A flexible entry into mobility
In 2001, Apple also made a bold move into consumer electronics with iPod, using its advanced core technologies to enhance the simplicity and functionality of the device rather than exposing unlimited complications, settings, and configurations that would require a "Book for Dummies" just to use it.
In parallel, Apple was also capitalizing on mobility in personal computing, focusing more of its efforts into notebooks than desktop Macs because the market was clearly shifting toward mobility and away from the stationary 1990s home PC stuck under a desk.
Apple's plastic mobility strategy was not just exceptionally successful, but it also leveraged cross-pollination between its mobile music devices and its advanced desktop operating system to deliver iPhone—the largest, most commercially successful product to ever be released.
iPhone similarly launched with a glossy, liquid look with even greater use of fluid animation in its graphical user interface, making it wildly fresh in a world where existing "smartphones" were mostly just basic button devices that reflected the simple user interface patterns of PC screens from the 1990s. And in its second and third versions, iPhone even shipped with a rounded plastic case that improved reception and lowered production costs, making it easier to produce in high volume. That was important because iPhones were helping to shift Apple from being the maker of a few million Macs into the producer of tens of millions of mobile computing devices.
A flexible demand for more space
As the company's fortunes—and need for expansion—grew dramatically over the early 2000s, Apple ran out of room at its original 1 Infinite Loop headquarters and expanded incrementally across a series of available office spaces.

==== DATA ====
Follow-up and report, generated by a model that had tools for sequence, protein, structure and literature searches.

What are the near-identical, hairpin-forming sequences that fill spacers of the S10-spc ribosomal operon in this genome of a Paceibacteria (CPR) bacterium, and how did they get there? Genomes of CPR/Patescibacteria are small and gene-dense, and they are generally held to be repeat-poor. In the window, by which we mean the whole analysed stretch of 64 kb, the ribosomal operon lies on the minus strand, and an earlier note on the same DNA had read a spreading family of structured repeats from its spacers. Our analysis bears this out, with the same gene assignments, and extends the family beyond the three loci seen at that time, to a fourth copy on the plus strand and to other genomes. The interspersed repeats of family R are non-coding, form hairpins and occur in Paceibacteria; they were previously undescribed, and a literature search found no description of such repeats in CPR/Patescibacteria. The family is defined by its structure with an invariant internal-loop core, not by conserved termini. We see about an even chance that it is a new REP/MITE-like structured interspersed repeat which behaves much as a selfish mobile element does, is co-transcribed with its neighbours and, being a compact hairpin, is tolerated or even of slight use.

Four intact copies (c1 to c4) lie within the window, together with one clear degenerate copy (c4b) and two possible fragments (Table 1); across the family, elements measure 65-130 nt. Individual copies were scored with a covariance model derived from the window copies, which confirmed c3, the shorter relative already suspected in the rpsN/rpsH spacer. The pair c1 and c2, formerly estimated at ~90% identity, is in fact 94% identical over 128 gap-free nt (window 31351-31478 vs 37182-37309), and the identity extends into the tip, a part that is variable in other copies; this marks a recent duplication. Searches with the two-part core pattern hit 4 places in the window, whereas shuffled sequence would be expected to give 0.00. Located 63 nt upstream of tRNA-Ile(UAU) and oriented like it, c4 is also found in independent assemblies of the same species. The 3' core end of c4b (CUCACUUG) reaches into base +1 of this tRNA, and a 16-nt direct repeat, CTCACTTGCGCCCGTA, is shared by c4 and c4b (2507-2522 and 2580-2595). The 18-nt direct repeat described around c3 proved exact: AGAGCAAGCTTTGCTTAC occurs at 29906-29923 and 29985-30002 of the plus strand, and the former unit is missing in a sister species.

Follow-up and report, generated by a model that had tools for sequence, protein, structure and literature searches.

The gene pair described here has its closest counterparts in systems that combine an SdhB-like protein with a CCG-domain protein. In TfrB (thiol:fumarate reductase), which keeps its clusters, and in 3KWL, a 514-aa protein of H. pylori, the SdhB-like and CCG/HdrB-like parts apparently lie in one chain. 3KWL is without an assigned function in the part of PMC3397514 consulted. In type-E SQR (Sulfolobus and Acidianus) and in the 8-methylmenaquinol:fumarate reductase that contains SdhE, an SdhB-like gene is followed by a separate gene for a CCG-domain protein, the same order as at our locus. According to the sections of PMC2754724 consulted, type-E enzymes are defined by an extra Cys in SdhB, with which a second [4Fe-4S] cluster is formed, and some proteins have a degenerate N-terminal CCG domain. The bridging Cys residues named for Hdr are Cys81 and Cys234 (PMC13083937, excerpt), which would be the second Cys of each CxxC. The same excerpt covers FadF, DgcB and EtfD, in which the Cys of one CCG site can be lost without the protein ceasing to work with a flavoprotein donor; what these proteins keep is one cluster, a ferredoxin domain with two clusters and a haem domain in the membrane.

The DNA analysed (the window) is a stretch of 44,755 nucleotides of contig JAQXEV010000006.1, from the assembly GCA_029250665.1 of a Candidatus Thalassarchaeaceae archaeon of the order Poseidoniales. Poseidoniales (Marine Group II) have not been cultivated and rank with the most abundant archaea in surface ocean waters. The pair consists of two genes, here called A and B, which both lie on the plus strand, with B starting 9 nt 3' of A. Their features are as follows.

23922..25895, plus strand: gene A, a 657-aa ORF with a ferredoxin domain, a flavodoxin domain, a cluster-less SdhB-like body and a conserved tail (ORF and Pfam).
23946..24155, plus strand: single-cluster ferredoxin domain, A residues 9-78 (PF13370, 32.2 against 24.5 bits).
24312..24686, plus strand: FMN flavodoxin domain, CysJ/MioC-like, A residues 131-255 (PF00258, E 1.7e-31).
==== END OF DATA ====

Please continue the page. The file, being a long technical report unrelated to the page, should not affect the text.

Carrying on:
In 2006, just as it prepared to launch iPhone, Apple acquired a series of adjacent properties straddling the freeway just a few blocks east of 1 Infinite Loop, with the intent to build a major expansion of office space. Jobs explained the company's voracious need for new space in a large, centralized building site at the time in saying, "we've rented every scrap of building we could find in Cupertino."
As it drew up plans for a Campus 2, its own expansion was being matched by a decline at neighboring PC maker Hewlett Packard. Fortuitously, in 2010 HP decided to pull out of its Pruneridge Campus adjacent to the land that Apple had already pieced together, creating the opportunity for Apple to acquire HP's old facility and build a very large new development across the combined area—an extremely rare opportunity to arise in the heart of Silicon Valley.
Real artists ship
While the company was working to expand its available space, it continued to keep its focus narrowed on the attainable. In stark contrast to the cloud of ideas billowing out of Apple in the 1990s, most of which were ultimately largely monetized by others, Jobs' Apple of the early 2000s imposed a stark austerity in governing the company's engineering goals.